Hello! I’m Alice Wilkes, based in England, and I’m joining the TORWars team to bring you weekly updates on the social side of Star Wars: The Old Republic. In the Social Points column I’ll be focussing on guild management and the wide range of social aspects of the SWTOR community.
It’s finally over! The official Star Wars: The Old Republic Guild Pre-Launch programme has reached the deployment stage and qualifying guilds are frozen, just waiting for launch. For many busy guild leaders the long hours of reading applications, posting in recruitment threads, balancing classes and roles and generally trying to settle in new guild members is over. Well, until launch that is! Now is the time to get the guild website tidied up, add finishing touches to guild policies and rules, check that the voice chat server is still working properly and see how everyone gets along. You can almost hear the sigh of relief from users of the official SWTOR.com Guild Hall forum, which last week was all but washed away in a tidal wave of last-ditch recruitment calls for those elusive pre-orders. Many didn’t make the final cut and have gone away empty handed, unable to even join a guild until launch.
Looking back on the mad recruitment frenzy of the last few months, it is fair to say BioWare has employed a very successful tactic to keep everyone busy until they’re ready to let the eager masses through the door. By encouraging a complex community to form months, if not years before SWTOR is released, BioWare has effectively sold us the sizzle while we’ve been waiting for the steak. The community they have encouraged has to be seen to be believed. Micro communities and guilds have grown like mushrooms in the dark; making plans, writing back stories, dissecting every new bit of information together, sometimes agreeing, more often arguing bitterly – but all eagerly waiting for launch. Part of this community growth is down to the long build up – the delays, the rumours and the complexity of the pre-game guild system, all of which have contributed to the drama and suspense.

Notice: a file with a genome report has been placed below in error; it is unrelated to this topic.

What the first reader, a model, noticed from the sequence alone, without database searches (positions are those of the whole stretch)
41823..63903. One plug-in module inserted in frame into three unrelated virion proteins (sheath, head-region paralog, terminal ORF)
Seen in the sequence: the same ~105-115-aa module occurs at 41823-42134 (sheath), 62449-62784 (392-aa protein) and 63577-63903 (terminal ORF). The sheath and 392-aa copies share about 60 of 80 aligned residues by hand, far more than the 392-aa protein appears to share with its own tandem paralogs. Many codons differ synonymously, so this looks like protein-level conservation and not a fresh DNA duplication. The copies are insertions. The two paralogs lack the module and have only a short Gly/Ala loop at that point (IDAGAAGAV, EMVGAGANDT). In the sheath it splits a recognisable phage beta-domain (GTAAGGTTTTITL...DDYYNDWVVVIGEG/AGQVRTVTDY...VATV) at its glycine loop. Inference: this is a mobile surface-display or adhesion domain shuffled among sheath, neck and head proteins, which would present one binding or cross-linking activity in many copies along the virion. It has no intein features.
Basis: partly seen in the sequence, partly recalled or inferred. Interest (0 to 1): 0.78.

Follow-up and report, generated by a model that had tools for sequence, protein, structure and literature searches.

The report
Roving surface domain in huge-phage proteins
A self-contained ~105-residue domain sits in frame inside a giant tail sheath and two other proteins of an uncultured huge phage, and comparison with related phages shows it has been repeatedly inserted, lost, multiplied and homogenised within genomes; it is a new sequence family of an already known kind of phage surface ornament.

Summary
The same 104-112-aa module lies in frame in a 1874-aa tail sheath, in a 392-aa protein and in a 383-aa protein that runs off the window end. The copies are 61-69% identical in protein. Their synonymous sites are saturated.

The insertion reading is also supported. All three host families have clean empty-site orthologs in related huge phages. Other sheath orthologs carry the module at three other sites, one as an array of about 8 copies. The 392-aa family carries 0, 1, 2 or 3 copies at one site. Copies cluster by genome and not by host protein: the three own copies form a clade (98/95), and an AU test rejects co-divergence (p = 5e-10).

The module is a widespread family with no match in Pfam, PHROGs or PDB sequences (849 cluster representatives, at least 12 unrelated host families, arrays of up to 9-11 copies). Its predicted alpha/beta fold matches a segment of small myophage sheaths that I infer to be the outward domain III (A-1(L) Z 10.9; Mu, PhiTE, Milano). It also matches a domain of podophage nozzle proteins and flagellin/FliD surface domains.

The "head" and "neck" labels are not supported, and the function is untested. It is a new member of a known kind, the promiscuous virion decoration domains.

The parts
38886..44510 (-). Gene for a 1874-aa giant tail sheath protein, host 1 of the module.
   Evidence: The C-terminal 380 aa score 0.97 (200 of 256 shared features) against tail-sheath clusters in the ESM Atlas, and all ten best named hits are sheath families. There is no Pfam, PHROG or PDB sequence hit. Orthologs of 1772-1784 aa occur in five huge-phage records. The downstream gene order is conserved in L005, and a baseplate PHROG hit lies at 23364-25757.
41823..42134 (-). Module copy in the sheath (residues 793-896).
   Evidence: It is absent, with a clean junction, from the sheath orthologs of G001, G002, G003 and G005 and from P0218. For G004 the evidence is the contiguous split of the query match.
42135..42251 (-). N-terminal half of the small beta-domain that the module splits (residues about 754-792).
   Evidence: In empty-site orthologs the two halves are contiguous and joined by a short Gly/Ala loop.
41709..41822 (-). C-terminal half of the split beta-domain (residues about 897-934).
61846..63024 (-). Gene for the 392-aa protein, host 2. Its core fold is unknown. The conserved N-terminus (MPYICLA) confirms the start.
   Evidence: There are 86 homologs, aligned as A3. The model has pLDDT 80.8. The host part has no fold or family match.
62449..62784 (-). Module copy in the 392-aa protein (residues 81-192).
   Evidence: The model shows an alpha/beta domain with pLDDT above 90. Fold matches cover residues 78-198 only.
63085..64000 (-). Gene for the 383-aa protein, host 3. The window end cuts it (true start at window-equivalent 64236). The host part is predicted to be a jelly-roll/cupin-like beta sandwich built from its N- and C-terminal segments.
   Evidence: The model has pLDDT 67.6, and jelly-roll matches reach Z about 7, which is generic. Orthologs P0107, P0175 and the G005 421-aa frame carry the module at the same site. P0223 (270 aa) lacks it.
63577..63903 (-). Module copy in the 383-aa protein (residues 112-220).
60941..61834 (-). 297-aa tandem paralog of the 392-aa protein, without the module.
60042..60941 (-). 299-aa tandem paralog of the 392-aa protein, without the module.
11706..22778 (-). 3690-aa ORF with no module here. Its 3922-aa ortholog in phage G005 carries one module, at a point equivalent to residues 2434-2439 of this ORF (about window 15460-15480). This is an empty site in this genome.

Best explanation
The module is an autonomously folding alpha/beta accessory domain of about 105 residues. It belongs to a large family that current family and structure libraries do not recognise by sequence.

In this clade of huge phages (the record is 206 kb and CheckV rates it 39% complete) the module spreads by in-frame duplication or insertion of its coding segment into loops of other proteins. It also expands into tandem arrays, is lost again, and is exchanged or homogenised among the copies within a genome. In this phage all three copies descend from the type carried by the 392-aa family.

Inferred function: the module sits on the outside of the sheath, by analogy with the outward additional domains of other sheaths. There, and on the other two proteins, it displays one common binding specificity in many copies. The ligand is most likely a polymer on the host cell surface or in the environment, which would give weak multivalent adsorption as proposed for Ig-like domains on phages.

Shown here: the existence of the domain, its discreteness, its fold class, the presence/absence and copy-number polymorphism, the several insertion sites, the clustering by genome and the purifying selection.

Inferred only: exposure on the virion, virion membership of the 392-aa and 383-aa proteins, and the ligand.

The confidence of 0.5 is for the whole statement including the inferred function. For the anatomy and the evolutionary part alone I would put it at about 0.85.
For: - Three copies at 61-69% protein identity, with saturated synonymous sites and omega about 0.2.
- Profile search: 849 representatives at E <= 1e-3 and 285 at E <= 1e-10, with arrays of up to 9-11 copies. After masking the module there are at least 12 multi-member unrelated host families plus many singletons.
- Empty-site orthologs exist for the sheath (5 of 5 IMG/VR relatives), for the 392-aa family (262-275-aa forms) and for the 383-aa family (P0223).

While we’ve had nothing to do but talk about it, a lot of us have been making friends and forming connections. It has given us the opportunity to find like-minded players to scheme and speculate with and people have been getting to know each other, building guilds and creating role-play backgrounds and stories. Now, unlike most new games (with the notable exception of Guild Wars 2 perhaps), the SWTOR community is already a few years old and going strong. From the extensive build-up through to the recent successful Beta it is impossible to deny the vibrant community BioWare has cultivated around SWTOR.
In addition to the guild Pre-Launch system there are other factors that really encourage people to cooperate and play together in order to get the best out of the game.
One good example is the Social Point system which rewards players for grouping together in quests, allowing them to accumulate points that can be spent on cosmetic, vanity and group use items. Social Points are awarded for participation in conversations as a group where players can ‘roll’ on answers. More points are awarded to those who select the winning answer and increasing the size of the group increases the potential points gained. Therefore cooperating on a difficult quest with another player rather than just taking your favourite companion can be rewarding.
Then there’s the crafting/Crew Skills system. Unless you want to level two characters together you’re going to have to rely on trade or cooperation to get the most out of it. This is ideal for guilds and even alliances who want to pool their resources.
Huttball is another great example of a community-minded innovation in SWTOR waiting to happen. While many MMOs have various battlegrounds, Huttball could raise the stakes by allowing spectators (a possibility rumored but still unconfirmed at this point), something that was popular in Guild Wars. This may encourage those who don’t usually participate in PvP to still become involved in the experience and have some fun with it whilst rooting for their guild mates. The chance to see how the top guys do it would be an added bonus, and it is clear that SWTOR is a game in which PvP may become a lot less intimidating and more accessible.
The recent Open Beta weekend over the 25th-29th of November was, for some, the first chance to play together as a guild and community forums are generally becoming more active as the countdown continues. Players who signed up for pre-orders and made their guild alignment choices months ago are flooding back to guild forums, getting to know the people they’re going to be playing with and swapping information, rumours and back stories.
I’m going into this with a guild myself, so for me part of the fun will be finally getting a chance to play with all the people I’ve met while waiting for this damn game to come out! It doesn’t really matter to me whether The Old Republic is a mind-blowing break from the norm or, as some Beta experiences suggest, a standard MMO with a few funky new twists; I already know I’ll be playing for years to come, because at the end of the day it’s the people that really make it for me.
I’ll say one thing for Bioware – they know how to put the ‘multiplayer’ in MMO!